The National Association of Realtors reported that existing-home sales dropped 9.6% in February. This was much worse than projected numbers and points to an unbalanced U.S. housing market recovery. Learn more by reading this full article by The Street.
Existing-home sales dropped 9.6% in February to a far worse-than-expected seasonally adjusted annual rate of 4.88 million units, the National Association of Realtors said Monday morning, pointing to a choppy, uneven recovery in the U.S. housing market.
Economists’ consensus call had been for the figure to come in at 5.05 million units, according to estimates listed on Briefing.com, compared with an upwardly revised rate of 5.4 million units sold in January. February’s rate remained 24.8% below the cyclical peak of 6.49 million units in Nov. 2009, which was the initial deadline for the first-time homebuyer tax credit, and 2.8% below the home resale rate in February of 2010.
"Housing affordability conditions have been at record levels and the economy has been improving, but home sales are being constrained by the twin problems of unnecessarily tight credit, and a measurable level of contract cancellations from some appraisals not supporting prices negotiated between buyers and sellers," said Lawrence Yun, NAR’s chief economist.
"This tug and pull is causing a gradual but uneven recovery," he added. "Existing-home sales remain 26.4% above the cyclical low last July."
An NAR practitioner survey showed that first-time builders accounted for 34% of home purchases in February, up from 29% in January but lower than the 42% share in the year-earlier month.
The national median existing-home price for all housing types was $156,100 in February, down 5.2% year-over-year.
All-cash sales were a record 33% last month, the NAR said, up from 32% a month earlier and 27% a year earlier. Investors accounted for 19% of sales activity in February, down from 23% in January and flat year-over-year.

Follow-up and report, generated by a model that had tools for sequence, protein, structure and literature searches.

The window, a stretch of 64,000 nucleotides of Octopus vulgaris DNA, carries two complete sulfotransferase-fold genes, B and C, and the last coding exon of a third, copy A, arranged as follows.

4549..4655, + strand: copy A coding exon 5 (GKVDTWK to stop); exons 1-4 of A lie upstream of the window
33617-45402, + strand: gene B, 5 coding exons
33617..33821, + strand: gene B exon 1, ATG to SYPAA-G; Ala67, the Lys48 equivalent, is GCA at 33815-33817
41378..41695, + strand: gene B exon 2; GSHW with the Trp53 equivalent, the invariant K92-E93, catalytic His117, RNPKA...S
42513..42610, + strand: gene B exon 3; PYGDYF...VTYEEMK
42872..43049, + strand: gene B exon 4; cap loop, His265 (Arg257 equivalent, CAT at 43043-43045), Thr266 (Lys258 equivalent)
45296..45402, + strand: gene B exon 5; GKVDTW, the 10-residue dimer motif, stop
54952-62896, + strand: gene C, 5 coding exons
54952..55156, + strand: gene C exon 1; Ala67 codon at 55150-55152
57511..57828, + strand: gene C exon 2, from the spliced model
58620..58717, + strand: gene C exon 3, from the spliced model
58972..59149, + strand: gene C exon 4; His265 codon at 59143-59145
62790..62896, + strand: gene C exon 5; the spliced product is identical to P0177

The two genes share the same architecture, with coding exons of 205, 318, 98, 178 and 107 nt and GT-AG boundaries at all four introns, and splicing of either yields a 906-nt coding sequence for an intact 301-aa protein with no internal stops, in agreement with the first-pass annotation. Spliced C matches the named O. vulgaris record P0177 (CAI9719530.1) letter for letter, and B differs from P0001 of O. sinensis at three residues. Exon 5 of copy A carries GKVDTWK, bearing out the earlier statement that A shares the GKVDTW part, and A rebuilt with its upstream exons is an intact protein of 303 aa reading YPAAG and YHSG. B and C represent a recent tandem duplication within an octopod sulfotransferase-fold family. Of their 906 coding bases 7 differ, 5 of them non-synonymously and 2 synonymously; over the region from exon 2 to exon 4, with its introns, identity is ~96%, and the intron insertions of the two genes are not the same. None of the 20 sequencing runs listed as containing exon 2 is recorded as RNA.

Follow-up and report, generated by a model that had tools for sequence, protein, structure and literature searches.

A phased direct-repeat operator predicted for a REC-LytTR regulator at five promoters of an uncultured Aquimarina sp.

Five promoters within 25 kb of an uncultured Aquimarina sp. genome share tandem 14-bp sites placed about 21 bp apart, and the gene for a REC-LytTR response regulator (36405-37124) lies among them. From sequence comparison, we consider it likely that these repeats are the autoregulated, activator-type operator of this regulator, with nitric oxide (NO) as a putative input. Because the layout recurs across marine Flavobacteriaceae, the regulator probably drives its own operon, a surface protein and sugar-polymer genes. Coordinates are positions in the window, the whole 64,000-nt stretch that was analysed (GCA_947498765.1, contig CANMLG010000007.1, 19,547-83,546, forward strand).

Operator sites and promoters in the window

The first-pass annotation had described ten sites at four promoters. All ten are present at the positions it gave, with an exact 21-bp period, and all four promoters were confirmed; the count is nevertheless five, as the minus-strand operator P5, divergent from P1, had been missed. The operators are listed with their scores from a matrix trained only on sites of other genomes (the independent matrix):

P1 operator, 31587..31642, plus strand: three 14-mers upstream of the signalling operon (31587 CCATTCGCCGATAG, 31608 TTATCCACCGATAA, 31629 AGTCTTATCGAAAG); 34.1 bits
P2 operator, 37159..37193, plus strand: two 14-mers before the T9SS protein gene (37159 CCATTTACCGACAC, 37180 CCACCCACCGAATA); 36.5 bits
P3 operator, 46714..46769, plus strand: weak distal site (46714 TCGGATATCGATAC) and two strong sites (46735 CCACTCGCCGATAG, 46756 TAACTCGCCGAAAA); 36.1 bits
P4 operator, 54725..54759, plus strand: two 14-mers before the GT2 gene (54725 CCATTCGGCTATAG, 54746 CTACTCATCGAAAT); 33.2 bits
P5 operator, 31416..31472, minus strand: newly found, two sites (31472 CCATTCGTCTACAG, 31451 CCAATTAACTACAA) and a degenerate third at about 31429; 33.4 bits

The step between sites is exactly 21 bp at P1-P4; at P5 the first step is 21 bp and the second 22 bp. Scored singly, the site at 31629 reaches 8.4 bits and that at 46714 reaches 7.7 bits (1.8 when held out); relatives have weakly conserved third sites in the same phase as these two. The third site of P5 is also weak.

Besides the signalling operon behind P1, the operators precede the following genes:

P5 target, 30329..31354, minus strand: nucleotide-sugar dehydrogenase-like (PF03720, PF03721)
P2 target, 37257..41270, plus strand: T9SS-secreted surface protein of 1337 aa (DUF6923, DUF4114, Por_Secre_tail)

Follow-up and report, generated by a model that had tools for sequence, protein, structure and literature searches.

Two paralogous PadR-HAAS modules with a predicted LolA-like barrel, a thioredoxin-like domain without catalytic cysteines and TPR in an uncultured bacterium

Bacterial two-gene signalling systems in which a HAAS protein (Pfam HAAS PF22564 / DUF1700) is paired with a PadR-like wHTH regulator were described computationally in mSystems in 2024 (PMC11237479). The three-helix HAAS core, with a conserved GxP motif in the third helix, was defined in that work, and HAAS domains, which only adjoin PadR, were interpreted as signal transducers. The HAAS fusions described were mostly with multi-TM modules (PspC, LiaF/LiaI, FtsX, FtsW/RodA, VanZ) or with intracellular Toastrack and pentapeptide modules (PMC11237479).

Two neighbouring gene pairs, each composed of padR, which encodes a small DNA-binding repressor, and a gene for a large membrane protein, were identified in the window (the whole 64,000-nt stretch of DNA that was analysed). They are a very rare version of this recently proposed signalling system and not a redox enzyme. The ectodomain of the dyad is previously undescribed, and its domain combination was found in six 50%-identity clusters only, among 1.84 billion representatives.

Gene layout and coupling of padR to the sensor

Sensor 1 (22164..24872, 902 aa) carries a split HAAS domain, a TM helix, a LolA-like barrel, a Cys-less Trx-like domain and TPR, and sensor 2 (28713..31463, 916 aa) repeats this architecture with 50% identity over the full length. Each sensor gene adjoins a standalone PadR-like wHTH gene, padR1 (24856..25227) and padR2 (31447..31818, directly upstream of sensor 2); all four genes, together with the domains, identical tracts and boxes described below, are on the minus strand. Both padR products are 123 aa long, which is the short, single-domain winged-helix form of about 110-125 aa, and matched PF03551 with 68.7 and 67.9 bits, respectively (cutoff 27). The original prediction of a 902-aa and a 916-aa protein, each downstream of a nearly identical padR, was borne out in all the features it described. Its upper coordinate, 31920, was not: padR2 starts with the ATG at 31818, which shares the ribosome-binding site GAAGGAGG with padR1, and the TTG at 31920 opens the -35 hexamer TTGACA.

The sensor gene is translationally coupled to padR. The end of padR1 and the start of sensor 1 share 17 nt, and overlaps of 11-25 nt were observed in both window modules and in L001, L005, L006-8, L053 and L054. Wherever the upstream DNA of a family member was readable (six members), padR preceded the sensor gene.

"The decline in price corresponds to the record level of all-cash purchases where buyers — largely investors — are snapping up homes at bargain prices," Yun explained. "We’d be seeing greater numbers of traditional home buyers if mortgage credit conditions return to normal."
Distressed homes — which are sold at a discount — accounted for 39% of all existing-home sales last month, up from a 37% share in January and 35% a year ago.
Total housing inventory at the end of December rose 3.5% to 3.49 million existing homes available for sale. That represents an 8.6-month supply at the current sales pace, up from a 7.5-month supply in January.
The housing sector is well off its late-spring peak, when buyers were rushing to take advantage of federal tax credits for homebuyers, and is only slightly higher than at the beginning of 2010. Whereas other sectors have begun a rebound in earnest, the housing sector continues to lag.
The SPDR S&P Homebuilders (XHB), an exchange-traded fund that tracks the homebuilder sector, remains around 60% off its peak of $46.08 in early 2006. The iShares Dow Jones U.S. Home Construction (ITB) ETF remains more than 70% off its peak of $50.10 in the spring of 2006.
Much of the sector dipped into negative territory Monday morning following the disappointing existing-home sales report, but the sector recovered its losses and headed into the closing bell with comfortable gains, riding a broader market rally.
Among individual builders, D.R. Horton (DHI) gained 1.3%, Lennar (LEN) 0.8%, PulteGroup (PHM) 1.1% and Toll Brothers (TOL) 1.4%.
Small-cap builder KB Home (KBH), due to report its quarterly earnings on Wednesday, rose 2.2% Monday afternoon. Analysts expect the builder to book a loss of 27 cents per share, or $19.6 million, on revenue of $224.2 million.
This article was republished with permission from The Street.